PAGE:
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Nash on Joint Cognitive Systems

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Courtney Nash, Ghosts in the machines:

It feels intuitively right: computers are better at plugging through repetitive information very quickly, humans are better at context-specific, qualitative judgments about that information. But the problem with this approach is that day-to-day tasks in the world we all operate are not so neatly composable in this way — we are constantly moving between a variety of tasks that could be more easily done by either machines or humans.

Hits on a lot of good points. Implicit here (viz., not called out) is the fact that if DevOps is about increasing the humanity of designing, implementing, and managing big systems (and make no mistake: that is what it’s about) then the notion of Joint Cognitive Systems becomes very important. “Divide and compensate”, MABA-MABA approaches arguably just turn the operators into slaves of the automators automation, and potentially make things even more chaotic.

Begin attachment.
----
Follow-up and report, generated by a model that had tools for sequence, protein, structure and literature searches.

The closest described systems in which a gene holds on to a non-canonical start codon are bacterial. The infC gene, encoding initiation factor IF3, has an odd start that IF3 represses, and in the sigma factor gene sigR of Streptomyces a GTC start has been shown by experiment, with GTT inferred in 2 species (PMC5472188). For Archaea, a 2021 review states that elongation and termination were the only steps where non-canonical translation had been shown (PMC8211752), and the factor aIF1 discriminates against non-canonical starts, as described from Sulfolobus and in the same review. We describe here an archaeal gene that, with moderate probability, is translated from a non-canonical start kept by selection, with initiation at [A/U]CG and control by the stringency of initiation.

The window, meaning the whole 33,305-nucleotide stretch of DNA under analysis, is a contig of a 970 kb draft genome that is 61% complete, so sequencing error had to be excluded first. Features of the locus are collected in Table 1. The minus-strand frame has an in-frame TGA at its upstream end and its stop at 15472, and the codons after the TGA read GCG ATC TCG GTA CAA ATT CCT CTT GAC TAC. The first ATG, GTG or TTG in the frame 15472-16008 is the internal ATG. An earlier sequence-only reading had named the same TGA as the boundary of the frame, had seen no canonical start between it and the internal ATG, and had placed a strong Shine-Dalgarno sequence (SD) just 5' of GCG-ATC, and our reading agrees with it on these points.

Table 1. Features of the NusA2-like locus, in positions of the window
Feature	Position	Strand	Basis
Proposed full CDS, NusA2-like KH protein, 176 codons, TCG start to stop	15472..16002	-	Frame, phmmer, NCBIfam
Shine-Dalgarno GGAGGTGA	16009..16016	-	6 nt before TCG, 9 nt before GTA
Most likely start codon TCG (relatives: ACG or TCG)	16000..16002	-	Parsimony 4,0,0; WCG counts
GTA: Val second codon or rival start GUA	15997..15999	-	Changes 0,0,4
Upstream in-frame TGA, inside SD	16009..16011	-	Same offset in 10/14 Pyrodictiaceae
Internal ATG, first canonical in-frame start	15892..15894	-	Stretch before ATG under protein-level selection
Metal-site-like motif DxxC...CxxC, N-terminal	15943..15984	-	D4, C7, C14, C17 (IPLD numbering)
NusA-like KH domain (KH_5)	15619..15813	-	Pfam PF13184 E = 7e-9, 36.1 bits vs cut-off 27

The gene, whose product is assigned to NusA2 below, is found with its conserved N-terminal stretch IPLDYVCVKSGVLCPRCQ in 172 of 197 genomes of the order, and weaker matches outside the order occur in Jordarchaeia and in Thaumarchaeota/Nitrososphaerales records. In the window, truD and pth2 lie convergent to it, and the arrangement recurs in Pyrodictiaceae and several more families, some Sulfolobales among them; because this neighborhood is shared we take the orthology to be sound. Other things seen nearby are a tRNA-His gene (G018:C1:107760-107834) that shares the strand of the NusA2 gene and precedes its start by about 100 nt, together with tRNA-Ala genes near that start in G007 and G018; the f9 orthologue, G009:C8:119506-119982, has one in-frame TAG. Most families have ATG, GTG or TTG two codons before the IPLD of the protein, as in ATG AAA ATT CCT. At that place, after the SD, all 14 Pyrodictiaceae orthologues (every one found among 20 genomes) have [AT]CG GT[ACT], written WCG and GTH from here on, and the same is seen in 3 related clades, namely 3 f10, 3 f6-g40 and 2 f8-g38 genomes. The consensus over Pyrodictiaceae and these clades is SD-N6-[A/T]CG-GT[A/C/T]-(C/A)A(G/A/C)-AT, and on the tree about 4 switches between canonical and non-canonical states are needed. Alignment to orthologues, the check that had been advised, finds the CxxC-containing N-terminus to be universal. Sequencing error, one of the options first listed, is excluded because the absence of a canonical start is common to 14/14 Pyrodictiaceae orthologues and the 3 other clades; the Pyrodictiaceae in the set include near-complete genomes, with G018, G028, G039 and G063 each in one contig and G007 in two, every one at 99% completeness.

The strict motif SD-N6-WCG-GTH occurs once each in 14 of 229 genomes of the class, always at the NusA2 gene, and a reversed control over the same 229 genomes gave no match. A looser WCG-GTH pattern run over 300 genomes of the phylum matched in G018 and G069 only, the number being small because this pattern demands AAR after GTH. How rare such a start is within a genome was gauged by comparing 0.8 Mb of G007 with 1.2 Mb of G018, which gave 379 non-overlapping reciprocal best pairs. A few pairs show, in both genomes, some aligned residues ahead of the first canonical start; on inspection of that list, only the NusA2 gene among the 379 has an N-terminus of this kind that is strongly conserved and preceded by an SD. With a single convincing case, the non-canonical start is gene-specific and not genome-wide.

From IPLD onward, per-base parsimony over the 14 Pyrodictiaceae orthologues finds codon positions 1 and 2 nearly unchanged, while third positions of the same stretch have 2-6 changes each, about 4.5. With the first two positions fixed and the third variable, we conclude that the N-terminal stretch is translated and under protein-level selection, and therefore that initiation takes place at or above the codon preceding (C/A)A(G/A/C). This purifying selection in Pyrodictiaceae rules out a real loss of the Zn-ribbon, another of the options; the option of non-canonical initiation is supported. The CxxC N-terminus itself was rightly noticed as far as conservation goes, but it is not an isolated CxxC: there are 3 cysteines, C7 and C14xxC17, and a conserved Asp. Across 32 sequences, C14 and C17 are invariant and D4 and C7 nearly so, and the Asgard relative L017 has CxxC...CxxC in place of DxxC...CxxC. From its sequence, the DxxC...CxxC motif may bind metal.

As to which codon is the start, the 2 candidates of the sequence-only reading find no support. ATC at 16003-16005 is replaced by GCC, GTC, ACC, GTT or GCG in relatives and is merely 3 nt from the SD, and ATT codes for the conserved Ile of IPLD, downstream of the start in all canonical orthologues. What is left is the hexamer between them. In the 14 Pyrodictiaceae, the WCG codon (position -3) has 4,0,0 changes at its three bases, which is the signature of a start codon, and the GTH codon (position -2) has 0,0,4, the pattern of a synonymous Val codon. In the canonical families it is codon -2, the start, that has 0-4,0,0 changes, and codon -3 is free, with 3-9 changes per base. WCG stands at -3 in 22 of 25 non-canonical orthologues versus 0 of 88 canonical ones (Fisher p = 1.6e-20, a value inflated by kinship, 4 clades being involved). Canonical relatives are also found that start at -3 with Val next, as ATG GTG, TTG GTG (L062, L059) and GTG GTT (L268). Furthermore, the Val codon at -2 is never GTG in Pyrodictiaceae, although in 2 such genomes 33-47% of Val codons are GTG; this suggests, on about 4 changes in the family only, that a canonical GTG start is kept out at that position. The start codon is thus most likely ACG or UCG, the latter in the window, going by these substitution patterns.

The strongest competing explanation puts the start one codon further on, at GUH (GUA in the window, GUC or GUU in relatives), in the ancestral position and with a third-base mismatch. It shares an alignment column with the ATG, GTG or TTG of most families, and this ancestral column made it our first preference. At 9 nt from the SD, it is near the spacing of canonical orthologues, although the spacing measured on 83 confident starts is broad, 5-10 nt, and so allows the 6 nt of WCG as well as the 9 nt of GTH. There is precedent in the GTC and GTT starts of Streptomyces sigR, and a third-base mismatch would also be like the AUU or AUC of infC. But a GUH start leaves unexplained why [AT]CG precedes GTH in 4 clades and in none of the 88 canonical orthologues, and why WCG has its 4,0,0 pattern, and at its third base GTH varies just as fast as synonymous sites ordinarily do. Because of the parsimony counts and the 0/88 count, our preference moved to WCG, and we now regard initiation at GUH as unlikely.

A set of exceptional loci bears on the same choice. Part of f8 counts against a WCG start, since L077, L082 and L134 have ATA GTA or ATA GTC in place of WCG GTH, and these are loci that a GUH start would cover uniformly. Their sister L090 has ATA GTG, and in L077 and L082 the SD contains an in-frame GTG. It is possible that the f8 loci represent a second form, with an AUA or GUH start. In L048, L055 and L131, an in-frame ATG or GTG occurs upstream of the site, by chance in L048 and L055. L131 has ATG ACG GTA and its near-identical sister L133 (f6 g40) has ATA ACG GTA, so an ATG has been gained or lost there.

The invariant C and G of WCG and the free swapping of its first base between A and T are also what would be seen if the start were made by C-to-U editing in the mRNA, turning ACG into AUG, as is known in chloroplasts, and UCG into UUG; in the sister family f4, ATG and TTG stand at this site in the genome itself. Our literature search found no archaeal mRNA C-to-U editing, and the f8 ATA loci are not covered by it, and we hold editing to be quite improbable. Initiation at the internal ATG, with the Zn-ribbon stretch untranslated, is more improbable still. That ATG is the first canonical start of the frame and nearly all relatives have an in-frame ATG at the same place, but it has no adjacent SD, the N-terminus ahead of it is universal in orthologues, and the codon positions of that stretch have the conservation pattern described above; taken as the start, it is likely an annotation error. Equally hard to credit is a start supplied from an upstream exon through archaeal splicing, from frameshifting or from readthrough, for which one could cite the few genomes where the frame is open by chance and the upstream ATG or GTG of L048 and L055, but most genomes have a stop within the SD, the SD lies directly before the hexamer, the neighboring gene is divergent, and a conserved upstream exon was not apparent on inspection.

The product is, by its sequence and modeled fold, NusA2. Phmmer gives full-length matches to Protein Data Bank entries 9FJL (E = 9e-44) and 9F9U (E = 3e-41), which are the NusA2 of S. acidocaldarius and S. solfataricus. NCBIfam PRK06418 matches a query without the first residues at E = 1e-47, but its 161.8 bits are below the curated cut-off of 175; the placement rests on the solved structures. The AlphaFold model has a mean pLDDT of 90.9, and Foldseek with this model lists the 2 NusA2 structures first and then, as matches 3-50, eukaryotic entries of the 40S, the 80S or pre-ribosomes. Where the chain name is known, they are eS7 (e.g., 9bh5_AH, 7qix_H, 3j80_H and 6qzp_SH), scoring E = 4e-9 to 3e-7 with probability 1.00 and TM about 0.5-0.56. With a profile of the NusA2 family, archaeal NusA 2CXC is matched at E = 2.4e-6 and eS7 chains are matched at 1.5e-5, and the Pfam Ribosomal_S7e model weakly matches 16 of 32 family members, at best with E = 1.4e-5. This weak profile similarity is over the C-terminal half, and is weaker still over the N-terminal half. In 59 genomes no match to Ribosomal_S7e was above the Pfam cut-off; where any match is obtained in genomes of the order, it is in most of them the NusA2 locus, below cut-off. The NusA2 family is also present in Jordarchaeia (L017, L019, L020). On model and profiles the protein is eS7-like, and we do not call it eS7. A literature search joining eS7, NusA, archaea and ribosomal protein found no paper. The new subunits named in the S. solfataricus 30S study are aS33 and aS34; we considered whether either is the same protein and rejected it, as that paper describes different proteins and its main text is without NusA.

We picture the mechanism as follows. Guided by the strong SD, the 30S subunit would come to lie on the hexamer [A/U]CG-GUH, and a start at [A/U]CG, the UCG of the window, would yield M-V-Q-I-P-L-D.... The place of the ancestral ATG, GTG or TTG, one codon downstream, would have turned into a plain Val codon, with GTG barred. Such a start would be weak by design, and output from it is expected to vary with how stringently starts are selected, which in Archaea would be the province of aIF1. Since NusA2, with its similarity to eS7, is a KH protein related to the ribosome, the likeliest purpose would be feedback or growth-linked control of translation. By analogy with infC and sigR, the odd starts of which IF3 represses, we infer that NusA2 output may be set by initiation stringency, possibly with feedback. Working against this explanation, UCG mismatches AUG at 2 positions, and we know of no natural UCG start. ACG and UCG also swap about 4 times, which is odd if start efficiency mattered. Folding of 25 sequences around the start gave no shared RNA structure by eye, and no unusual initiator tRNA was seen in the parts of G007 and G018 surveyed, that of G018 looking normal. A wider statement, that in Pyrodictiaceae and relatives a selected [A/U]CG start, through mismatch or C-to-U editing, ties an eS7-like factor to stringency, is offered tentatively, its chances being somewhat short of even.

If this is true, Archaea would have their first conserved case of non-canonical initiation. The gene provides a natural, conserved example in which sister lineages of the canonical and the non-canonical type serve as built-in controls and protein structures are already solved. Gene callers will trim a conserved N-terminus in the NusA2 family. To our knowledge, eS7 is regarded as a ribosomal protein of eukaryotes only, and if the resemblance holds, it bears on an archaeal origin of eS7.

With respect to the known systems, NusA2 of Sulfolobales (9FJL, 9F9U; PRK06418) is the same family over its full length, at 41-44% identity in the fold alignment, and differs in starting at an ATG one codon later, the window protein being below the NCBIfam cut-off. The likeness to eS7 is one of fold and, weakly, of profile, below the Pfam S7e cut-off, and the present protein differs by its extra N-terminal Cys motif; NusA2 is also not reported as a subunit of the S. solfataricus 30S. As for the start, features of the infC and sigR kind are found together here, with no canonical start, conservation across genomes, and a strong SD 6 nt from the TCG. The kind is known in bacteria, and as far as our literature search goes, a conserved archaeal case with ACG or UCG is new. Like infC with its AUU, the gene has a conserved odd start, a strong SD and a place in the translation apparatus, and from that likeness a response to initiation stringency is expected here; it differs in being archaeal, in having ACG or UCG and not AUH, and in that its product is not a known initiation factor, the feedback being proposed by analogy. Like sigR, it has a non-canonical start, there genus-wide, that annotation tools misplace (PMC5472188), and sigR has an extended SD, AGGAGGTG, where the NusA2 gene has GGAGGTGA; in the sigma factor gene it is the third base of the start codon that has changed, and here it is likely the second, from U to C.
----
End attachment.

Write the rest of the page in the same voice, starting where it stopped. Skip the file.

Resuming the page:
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Syndicated content from the !undefined Tumblr blog where Rob Friesel posts items related to software engineering, user interface/experience design, and Agile software development. Lots of JavaScript here. View all posts by !undefined →

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